NIV 3 John 1:5 Dear friend, you are faithful in what you are doing for the brothers and sisters, even though they are strangers to you. 6 They have told the church about your love. Please send them on their way in a manner that honors God. 7 It was for the sake of the Name that they went out, receiving no help from the pagans. 8 We ought therefore to show hospitality to such people so that we may work together for the truth.
I certainly have wondered how the Kingdom of God can be populated by such a variety of people, even in my own church. I’ve had the good fortune to be a part of several doctrinally different denominations over the years but they each shared one life-changing reality: committing your heart and mind to the life, death and resurrection of Jesus trumps everything else. Our differences can make us seem like strangers to each other but we do have a powerful common bond.
“Showing hospitality to others—particularly strangers—requires a level of trust and acceptance that is not necessarily required of us in our everyday lives. It forces us to rely on a common bond in Jesus Christ, rather than a particular blood relationship or shared experience. It forces us out of our comfort zones and into a territory where we must place our trust in God.” Chuck Swindoll
Doctrine should certainly become a cherished part of our personal faith but not necessarily our requirement for anyone else. We are both bonded and constrained by our commitment to honor God and build our relationships on the uncommon power of the love of Jesus to unite even a variety of faithful doctrinal strangers.
1 Paul, a servant of God and an apostle of Jesus Christ to further the faith of God’s elect and their knowledge of the truth that leads to godliness— 2 in the hope of eternal life, which God, who does not lie, promised before the beginning of time, 3 and which now at his appointed season he has brought to light through the preaching entrusted to me by the command of God our Savior,…15 To the pure, all things are pure, but to those who are corrupted and do not believe, nothing is pure. In fact, both their minds and consciences are corrupted. [NIV]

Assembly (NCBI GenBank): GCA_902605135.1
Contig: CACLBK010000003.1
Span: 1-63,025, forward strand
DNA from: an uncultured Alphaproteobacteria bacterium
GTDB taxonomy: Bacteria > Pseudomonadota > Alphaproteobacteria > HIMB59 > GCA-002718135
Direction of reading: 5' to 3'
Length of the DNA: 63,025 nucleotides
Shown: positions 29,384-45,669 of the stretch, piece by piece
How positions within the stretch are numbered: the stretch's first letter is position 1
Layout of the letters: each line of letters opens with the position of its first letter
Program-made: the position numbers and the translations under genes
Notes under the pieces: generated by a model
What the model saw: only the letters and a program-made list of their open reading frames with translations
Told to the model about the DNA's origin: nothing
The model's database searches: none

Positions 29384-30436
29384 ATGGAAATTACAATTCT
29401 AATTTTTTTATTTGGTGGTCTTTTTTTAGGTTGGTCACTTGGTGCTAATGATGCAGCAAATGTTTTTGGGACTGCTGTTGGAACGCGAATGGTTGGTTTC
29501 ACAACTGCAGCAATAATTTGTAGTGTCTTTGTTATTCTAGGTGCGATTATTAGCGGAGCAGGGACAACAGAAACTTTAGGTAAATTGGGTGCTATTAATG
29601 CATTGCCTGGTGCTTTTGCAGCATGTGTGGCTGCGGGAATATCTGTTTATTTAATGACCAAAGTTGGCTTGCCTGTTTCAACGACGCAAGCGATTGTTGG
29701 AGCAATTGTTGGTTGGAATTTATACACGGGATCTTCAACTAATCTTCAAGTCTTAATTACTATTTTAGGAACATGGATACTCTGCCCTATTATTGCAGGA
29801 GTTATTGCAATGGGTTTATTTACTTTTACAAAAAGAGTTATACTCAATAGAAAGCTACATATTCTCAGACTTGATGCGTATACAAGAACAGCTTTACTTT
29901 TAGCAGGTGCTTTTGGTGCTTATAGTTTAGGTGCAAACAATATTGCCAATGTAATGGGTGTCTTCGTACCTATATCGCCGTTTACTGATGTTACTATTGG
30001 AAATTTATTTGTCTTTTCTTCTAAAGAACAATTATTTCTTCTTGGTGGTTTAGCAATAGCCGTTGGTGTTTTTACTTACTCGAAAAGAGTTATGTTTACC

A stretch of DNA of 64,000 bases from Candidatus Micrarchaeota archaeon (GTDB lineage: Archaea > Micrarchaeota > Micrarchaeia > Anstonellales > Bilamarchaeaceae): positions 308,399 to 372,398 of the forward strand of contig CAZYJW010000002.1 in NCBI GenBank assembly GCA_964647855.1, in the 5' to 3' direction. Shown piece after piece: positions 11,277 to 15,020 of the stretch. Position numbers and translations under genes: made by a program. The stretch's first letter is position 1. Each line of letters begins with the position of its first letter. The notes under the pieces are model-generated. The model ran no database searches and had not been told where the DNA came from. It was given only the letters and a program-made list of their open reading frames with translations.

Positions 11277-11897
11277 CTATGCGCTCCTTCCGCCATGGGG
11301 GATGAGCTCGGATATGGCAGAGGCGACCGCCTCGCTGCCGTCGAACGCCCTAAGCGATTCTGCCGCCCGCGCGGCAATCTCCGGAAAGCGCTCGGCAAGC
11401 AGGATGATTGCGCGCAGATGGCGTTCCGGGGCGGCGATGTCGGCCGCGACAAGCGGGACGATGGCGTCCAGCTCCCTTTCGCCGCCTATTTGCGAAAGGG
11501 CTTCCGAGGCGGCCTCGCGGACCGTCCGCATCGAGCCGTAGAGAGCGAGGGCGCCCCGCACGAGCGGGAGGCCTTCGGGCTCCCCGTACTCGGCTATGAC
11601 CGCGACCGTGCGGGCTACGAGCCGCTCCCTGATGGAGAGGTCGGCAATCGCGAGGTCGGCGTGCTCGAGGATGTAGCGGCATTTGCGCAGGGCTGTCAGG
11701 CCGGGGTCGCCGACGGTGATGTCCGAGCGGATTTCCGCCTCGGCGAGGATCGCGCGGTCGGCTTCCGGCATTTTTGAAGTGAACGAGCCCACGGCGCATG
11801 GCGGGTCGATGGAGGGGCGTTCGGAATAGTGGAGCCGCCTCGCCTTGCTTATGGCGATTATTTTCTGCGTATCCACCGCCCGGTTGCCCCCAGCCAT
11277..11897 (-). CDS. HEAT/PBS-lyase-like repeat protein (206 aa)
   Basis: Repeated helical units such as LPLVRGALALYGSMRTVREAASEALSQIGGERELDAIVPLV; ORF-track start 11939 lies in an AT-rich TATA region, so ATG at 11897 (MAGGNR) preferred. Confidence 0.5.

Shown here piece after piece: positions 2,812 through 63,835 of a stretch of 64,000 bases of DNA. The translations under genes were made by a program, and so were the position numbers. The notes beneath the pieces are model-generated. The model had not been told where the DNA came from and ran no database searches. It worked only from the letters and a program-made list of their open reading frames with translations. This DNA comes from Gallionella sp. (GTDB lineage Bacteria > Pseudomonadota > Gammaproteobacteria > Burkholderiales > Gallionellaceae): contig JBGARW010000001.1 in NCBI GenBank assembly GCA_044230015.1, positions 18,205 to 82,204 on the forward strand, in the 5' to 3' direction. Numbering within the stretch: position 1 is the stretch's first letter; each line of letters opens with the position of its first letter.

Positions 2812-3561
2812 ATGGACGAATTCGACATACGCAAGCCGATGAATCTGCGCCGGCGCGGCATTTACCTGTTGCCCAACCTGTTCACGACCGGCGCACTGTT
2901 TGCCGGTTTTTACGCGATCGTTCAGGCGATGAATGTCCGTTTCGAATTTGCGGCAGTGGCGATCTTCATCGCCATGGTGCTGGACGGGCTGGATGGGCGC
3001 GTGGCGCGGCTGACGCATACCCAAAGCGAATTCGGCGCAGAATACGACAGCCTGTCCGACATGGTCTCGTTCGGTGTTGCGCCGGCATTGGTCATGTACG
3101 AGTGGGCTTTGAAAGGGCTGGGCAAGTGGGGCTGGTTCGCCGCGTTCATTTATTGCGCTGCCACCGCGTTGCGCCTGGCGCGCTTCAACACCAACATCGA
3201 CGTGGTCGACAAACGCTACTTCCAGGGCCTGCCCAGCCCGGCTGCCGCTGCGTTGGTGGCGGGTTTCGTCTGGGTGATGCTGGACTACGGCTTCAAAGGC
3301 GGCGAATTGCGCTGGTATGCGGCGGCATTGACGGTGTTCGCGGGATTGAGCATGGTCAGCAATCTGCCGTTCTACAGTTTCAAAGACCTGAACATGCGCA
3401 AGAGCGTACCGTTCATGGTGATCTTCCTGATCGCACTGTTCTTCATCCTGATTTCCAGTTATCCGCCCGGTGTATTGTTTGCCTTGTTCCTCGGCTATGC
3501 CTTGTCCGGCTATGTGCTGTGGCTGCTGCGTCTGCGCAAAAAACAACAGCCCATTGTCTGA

The life in which Jesus has chosen to live again for the world to see is ours! “The hope of eternal life, which God, who does not lie, promised before the beginning of time” is critical to our life today because “to the pure, all things are pure, but to those who are corrupted and do not believe, nothing is pure.” The conscious need of those who love Jesus to practice purity in their daily life is the hope of a transformed world view!
We live in a world where we are bombarded on almost every front by impurity and yet the Apostle calls us “to be pure.” Life in Christ as William Barclay says, is “the offer of God’s power for our frustration, of God’s serenity for our dispeace, of God’s truth for our guessing, of God’s goodness for our moral failure, of God’s joy for our sorrow…we can do nothing except receive.”
“Now at his appointed season he [God] has brought to light” the reality of our need for purity. Mark 7:15 says “It’s not what goes into your body that defiles you; you are defiled by what comes from your heart.[NLT]” Isolation isn’t the answer to fighting the impurity of the world around us; choosing to live in Christ and practice purity in it is! We have Jesus, we have the wisdom of the Scripture, we have the promises of God, and most practical of all we have the guidance of the Holy Spirit to help us practice purity. Practice makes perfect.